Philadelphia officials announced Monday that proof of a COVID-19 vaccine will soon be required to eat inside a restaurant or food establishment, saying the mandate is meant to help prevent another shutdown of indoor dining.

Patrons will have to show their vaccination card and a form of government ID.

The rollout begins January 3, Philadelphia Health Commissioner Dr. Cheryl Bettigole said.

“Any place that sells food or drink to be consumed on-site will have to require that everyone who enters be fully vaccinated against COVID-19,” she said.

For the first two weeks, January 3 to January 17, establishments may choose to accept proof of the negative COVID test in lieu of proof of vaccination.

“That negative COVID test must have been for the last 24 hours,” Bettigole said. “

After January 17, negative COVID-19 tests will no longer be accepted.

The city mandate allows some extra time for children ages 5-11 and employees to get vaccinated. The city is asking that those groups have a first dose by Jan. 3 and a second dose by Feb. 3.

The requirement does not apply to people who are exempted from vaccination, including children under 5 or people with proven medical or religious exemptions, Bettigole said.

But those with exemptions and children between 2 and 5 years old will be required to present a negative COVID-19 test taken within 24 hours to enter establishments that seat more than 1,000 people covered by the requirement.

That includes sports venues, movie theatres, bowling alleys or spaces like museum cafes inside larger venues.

She added that establishments like schools, daycares and others like soup kitchens or shelters that serve vulnerable populations will not require vaccination proof or negative tests.

Bettigole said the mandate will apply to the Wells Fargo Center, home of the Flyers and 76ers, and other indoor sporting venues where people buy food and eat it in their seats.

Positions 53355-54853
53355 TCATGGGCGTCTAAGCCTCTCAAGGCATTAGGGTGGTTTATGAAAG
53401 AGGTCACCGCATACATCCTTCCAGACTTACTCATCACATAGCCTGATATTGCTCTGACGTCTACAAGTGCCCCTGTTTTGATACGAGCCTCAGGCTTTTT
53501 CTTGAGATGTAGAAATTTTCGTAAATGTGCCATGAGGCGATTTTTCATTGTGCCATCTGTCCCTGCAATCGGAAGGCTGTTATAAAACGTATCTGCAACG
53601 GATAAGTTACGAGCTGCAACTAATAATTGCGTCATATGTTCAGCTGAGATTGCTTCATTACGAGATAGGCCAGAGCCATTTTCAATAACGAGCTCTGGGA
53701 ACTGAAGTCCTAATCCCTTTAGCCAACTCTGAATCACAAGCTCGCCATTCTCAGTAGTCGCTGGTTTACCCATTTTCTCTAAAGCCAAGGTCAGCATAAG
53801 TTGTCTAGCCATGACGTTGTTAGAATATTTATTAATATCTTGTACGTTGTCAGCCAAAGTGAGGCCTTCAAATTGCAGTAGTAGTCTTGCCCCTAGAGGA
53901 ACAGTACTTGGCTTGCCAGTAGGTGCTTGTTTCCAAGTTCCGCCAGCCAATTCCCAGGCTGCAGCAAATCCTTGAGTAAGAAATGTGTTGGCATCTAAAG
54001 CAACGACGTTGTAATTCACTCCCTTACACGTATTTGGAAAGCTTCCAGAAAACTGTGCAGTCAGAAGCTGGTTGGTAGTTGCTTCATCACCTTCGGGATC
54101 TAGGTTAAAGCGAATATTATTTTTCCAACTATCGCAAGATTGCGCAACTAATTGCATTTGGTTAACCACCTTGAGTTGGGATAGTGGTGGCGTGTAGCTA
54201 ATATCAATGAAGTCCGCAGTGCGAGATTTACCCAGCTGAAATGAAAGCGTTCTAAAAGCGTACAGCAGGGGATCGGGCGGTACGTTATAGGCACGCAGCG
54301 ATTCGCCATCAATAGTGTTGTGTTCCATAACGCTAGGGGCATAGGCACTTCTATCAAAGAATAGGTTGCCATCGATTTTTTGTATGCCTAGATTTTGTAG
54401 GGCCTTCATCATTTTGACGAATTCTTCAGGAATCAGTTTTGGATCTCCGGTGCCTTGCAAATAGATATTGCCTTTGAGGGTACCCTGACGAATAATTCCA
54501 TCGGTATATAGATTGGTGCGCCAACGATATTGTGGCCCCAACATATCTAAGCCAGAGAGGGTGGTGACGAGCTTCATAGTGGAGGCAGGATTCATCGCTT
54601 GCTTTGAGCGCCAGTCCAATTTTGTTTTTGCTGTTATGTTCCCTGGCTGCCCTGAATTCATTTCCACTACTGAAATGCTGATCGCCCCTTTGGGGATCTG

The rules will not change for now at outdoor sporting events, but will apply to indoor areas and businesses inside Lincoln Financial Field, where the Eagles play, and similar venues.

“I don’t want to close our restaurants or other establishments that serve food. I want them to stay open and operate safely,” Bettigole said.

Bettigole said Philadelphia has seen infection rates double in the last few weeks and hospitalizations increase by about 50%.

According to data from the Action News Data Journalism Team, 75.8% of Philadelphia residents aged 18 and older are fully vaccinated.

Philly officials say the mandate applies to the following settings that serve food:

-Indoor restaurant spaces

-Cafes within larger spaces (like museums)


-Sports venues that serve food or drink for onsite consumption (including the Wells Fargo Center)

-Movie theaters

-Bowling alleys

-Other entertainment venues that serve food or drink for onsite consumption

-Conventions (if food is being served)

-Catering halls

-Casinos where food and drink is allowed on the floor

-Food court seating areas should be cordoned off and have someone checking vaccine status on entry to the seating area